Sarahah App: The latest most-downloaded notorious app in town
From time to time, there comes an app that catches everyone's attention, rising to fame overnight. Some apps become popular for their quality and creativity while others by sparking controversies. Sarahah is one such app that has recently garnered popularity, alarming parents across the UK and the US only a month after launch. But why is it so controversial? Let's find out!
Sararah was initially launched as an anonymous messaging platform; it used to exist as a website built by Zain al-Abidin Tawfiq, a Saudi Arabian developer. Registered users get a link, which can be sent to others in order to receive anonymous messages from them. The user can neither know the sender's name nor respond to the anonymous message in any manner.
When Tawfiq developed Sarahah, it had a simple purpose: allowing employees to leave anonymous feedback to their bosses. It gave voice to employees who wanted to say something but never did, fearing they could get fired. Tawfiq thought the idea could apply to regular people, where friends/acquaintances could give anonymous feedback to each other; the "friends" feature was later added to the website.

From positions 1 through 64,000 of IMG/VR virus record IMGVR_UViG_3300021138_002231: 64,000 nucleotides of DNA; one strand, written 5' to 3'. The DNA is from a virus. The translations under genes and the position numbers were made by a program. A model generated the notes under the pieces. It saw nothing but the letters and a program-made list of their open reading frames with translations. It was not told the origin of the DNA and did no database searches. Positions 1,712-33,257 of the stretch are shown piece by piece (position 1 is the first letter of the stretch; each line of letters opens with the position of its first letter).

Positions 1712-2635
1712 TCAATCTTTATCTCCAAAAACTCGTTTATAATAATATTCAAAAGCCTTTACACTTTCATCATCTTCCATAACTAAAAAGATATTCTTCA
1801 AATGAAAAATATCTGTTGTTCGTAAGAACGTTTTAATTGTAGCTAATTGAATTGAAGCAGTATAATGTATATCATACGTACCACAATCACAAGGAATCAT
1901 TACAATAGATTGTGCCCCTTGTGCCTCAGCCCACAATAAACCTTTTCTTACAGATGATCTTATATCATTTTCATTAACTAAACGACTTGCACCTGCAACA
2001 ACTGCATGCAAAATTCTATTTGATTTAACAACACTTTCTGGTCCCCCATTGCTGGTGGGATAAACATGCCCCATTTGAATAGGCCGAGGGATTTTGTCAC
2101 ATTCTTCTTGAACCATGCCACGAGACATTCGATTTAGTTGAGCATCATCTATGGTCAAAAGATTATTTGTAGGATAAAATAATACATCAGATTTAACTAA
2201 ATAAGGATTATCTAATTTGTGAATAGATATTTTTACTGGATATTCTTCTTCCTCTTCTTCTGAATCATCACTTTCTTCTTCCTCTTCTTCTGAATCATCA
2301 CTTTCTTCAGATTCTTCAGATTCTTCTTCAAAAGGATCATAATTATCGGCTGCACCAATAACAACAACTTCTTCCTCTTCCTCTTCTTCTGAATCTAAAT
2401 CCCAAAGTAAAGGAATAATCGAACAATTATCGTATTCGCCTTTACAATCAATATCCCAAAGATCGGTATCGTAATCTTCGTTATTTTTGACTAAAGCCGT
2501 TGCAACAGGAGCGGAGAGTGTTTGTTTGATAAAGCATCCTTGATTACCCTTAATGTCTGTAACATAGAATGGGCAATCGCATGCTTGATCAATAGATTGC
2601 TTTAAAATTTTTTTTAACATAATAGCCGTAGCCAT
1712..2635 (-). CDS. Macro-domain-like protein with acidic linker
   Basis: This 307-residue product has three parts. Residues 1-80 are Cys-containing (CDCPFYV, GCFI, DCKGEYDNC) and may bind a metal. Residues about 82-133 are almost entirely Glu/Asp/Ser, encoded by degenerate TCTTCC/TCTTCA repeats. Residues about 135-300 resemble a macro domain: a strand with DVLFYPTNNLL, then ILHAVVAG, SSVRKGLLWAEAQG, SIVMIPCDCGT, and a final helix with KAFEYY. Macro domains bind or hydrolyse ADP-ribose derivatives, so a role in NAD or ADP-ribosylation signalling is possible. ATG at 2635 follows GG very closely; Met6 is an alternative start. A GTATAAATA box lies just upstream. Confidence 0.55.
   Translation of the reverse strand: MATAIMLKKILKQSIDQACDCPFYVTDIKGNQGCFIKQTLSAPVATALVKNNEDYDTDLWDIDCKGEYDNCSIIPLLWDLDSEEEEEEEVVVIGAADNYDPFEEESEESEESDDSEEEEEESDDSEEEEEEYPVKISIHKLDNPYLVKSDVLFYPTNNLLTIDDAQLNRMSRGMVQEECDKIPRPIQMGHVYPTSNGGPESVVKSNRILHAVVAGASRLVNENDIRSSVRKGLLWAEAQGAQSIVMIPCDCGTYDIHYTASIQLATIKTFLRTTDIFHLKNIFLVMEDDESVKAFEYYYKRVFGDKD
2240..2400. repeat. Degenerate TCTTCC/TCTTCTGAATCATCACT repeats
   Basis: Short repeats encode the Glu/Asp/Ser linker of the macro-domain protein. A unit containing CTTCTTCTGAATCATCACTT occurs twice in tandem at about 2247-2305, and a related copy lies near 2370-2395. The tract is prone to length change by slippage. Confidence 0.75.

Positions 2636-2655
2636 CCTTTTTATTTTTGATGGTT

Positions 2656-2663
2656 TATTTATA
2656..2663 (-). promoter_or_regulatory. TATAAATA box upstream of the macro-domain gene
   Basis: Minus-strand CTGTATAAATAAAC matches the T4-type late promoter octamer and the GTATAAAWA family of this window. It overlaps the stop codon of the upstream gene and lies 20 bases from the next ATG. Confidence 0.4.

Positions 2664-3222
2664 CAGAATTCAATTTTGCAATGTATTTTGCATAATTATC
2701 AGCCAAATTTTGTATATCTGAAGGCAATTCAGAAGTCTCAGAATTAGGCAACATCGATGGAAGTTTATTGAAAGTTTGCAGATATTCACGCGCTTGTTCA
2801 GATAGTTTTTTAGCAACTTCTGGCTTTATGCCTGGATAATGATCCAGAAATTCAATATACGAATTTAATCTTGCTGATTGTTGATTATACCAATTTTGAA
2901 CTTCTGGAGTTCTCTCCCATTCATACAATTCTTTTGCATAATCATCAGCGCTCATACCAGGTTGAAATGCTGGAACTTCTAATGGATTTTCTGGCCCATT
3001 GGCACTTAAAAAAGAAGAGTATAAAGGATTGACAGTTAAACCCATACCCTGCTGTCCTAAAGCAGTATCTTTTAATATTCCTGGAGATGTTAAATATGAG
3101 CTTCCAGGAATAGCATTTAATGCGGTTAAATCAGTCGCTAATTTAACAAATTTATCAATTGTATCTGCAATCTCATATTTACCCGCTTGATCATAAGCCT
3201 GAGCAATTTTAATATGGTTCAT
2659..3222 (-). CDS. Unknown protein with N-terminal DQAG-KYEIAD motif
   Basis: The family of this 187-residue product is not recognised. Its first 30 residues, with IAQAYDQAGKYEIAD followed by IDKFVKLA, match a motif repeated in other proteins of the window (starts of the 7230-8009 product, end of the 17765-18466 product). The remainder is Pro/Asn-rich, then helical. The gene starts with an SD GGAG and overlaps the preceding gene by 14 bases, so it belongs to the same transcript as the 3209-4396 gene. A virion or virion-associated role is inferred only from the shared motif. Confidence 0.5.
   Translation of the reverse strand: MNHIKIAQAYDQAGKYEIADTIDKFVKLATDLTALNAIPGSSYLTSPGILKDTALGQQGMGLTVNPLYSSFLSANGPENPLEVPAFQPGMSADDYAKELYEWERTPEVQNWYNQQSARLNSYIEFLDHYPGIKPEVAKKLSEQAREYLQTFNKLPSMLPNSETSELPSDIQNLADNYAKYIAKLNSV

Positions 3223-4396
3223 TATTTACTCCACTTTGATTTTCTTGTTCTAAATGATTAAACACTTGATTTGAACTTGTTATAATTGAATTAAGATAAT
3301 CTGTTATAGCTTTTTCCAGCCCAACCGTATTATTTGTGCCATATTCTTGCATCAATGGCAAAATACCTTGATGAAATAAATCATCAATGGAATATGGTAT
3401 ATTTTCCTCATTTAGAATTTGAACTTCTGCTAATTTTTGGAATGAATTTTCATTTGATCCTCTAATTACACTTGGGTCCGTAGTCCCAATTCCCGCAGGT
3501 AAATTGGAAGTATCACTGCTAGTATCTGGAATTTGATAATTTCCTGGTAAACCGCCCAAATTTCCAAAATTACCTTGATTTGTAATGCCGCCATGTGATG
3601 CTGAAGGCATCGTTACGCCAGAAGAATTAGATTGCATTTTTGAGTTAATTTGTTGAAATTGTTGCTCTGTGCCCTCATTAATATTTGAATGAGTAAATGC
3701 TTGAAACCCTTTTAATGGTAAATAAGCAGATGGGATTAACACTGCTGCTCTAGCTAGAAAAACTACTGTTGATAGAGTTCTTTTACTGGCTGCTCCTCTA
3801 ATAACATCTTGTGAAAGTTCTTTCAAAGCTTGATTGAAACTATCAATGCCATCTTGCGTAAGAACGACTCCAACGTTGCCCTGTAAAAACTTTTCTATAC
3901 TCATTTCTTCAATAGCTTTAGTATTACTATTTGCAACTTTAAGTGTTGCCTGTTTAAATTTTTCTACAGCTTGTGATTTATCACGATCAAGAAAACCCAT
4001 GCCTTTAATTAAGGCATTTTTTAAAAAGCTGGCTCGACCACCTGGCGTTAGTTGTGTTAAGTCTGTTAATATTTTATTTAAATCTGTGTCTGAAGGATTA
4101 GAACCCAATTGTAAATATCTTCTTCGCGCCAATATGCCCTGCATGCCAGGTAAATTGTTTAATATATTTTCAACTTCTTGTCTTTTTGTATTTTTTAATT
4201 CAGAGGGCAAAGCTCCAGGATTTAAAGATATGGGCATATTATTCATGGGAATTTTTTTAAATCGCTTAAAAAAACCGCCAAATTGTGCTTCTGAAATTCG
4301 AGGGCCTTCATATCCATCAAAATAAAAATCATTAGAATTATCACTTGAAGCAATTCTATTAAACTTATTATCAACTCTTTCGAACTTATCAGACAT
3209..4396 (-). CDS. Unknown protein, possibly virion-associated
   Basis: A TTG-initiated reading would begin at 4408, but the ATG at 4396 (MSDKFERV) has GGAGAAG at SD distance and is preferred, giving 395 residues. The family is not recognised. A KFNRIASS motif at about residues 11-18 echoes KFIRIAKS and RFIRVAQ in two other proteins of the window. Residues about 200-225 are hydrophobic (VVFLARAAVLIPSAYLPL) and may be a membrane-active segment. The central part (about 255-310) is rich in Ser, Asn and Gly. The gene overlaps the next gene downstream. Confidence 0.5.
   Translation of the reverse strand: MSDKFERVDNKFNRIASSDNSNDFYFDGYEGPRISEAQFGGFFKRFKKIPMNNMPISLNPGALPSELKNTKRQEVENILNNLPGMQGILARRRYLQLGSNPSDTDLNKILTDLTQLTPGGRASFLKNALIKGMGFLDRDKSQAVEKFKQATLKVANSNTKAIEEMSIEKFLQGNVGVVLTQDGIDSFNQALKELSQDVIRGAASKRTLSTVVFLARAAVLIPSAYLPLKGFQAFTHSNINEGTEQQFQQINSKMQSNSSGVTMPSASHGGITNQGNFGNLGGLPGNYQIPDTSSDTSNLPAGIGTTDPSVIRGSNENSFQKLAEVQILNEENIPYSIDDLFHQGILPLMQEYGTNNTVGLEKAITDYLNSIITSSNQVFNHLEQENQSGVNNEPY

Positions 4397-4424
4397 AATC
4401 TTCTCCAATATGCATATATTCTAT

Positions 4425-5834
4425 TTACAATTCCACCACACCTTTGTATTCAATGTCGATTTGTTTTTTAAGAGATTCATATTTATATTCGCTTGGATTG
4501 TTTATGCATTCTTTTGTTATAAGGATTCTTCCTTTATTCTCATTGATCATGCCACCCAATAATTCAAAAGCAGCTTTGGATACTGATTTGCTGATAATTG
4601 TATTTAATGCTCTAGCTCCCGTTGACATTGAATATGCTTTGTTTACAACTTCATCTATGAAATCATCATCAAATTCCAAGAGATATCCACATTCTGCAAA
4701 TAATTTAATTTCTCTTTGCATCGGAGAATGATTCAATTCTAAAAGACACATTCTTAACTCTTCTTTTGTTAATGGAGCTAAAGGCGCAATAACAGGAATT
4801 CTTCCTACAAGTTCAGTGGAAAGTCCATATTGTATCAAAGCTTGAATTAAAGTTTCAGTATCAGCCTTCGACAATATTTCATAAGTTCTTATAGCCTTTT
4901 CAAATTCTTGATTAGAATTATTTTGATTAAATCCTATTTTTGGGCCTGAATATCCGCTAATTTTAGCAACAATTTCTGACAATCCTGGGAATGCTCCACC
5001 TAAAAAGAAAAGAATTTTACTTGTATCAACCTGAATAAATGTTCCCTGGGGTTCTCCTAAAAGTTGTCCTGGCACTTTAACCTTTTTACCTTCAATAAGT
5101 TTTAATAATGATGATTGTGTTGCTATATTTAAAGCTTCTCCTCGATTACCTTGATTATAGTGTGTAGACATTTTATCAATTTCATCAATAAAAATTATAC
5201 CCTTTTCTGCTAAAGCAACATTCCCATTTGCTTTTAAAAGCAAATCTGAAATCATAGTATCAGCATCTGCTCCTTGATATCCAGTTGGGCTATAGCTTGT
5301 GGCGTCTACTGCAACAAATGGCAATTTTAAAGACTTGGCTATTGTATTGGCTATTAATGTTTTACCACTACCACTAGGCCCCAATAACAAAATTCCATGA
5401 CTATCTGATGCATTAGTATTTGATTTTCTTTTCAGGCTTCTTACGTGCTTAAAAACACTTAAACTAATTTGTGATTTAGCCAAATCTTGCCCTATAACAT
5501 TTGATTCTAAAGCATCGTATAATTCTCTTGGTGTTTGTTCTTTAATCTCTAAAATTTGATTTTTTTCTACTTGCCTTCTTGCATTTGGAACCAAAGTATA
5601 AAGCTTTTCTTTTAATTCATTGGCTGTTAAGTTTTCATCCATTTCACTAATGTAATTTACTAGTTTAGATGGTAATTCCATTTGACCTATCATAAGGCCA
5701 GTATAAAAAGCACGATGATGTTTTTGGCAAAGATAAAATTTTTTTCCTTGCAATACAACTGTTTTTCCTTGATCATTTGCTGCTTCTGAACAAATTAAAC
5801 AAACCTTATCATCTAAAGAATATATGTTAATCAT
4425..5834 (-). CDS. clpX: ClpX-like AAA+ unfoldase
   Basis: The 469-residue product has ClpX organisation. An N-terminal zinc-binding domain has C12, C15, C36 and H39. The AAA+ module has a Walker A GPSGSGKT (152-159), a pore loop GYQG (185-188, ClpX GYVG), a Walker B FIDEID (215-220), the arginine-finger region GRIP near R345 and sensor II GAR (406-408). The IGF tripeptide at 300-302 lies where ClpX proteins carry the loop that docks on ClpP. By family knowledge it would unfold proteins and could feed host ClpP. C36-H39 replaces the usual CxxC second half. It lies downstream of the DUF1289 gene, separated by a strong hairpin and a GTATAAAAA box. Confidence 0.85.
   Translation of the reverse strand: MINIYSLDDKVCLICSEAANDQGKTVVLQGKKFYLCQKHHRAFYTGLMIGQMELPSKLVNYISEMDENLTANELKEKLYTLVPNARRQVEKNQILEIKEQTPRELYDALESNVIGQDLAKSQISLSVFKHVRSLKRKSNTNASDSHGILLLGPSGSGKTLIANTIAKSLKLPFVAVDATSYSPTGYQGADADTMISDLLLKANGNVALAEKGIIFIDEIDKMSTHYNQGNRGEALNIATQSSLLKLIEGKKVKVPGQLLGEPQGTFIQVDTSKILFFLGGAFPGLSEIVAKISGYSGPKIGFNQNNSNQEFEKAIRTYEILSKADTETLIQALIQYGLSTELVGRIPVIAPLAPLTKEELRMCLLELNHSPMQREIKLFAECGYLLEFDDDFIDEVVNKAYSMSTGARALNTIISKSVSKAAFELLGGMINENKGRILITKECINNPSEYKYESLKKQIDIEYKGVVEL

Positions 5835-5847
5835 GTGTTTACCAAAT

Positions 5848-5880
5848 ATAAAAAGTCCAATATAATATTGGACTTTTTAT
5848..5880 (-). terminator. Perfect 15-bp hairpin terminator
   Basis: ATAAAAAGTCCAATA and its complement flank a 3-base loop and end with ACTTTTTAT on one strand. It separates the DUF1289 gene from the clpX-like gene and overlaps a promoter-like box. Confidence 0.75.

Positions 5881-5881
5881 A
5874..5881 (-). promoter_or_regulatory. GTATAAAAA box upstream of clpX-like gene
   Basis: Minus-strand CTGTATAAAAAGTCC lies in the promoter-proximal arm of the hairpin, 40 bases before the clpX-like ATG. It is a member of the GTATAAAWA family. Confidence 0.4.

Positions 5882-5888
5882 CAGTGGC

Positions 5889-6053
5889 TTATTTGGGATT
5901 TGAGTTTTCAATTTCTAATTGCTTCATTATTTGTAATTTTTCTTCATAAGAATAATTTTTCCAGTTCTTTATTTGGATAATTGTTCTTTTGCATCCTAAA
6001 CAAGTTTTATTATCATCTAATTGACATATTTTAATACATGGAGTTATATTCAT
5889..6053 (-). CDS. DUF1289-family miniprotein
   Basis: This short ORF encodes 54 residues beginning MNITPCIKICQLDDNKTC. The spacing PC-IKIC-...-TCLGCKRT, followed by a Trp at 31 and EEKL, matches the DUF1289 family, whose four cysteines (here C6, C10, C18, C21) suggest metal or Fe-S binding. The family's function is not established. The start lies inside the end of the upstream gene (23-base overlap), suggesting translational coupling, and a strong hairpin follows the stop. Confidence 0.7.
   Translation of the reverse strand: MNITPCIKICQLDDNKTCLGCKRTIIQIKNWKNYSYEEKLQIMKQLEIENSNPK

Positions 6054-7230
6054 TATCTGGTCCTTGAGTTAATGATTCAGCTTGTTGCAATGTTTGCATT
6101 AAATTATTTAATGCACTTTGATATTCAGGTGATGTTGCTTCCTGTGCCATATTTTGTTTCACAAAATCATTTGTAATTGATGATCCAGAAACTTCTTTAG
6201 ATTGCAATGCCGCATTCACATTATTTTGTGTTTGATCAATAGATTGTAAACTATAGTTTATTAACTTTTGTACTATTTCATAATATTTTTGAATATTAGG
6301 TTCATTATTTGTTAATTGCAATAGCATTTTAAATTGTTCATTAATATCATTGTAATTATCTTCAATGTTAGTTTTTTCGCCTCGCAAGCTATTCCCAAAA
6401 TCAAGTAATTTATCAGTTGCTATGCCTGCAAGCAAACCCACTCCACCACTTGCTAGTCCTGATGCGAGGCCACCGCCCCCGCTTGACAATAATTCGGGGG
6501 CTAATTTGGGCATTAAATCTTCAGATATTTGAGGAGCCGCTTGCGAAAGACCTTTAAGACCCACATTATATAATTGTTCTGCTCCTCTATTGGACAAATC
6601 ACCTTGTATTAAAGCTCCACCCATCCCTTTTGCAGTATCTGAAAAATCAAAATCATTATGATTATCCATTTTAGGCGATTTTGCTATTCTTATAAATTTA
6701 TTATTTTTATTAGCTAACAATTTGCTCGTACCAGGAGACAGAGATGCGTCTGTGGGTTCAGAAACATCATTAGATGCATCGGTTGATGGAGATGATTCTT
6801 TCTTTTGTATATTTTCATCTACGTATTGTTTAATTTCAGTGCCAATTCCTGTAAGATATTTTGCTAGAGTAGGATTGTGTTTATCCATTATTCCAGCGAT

Sarahah was very popular in Mid-East and Africa but did not quite take off in the West until Tawfiq launched the iOS and Android app versions of Sarahah on 13 June. It shot to fame in no time in the US and the UK.
Sarahah topped the charts especially after Snapchat rolled out an update allowing users to post their Sarahah links directly in their snaps. It reached the top spot in App Store, overtaking major social networks like Facebook, Instagram, and even Snapchat. However, parents have been raising concerns as teenagers, who constitute the majority of the app users, are using it as a cyber-bullying tool.
Sarahah app experienced a surge in downloads as more teens got access to it through Snapchat. But anonymity comes with a lot of issues; in Sarahah's case, anonymous teen cyber-bullies are the biggest trouble. Though cyber-bullying isn't something that started with Sarahah, the anonymity it offers is allowing teens to do and say whatever they want. Sarahah has become a convenient cyber-bullying tool!
While most teens are obsessed with Sarahah, many parents and teens are reporting Sarahah as a cyber-bullying platform. Victims say they have been receiving extremely unpleasant messages. Some have also reported they received death threats via Sarahah. Sarahah (meaning 'honesty' in Arabic) was started with a simple purpose (to leave honest, anonymous feedback); but it has now become very unsafe, especially for teens.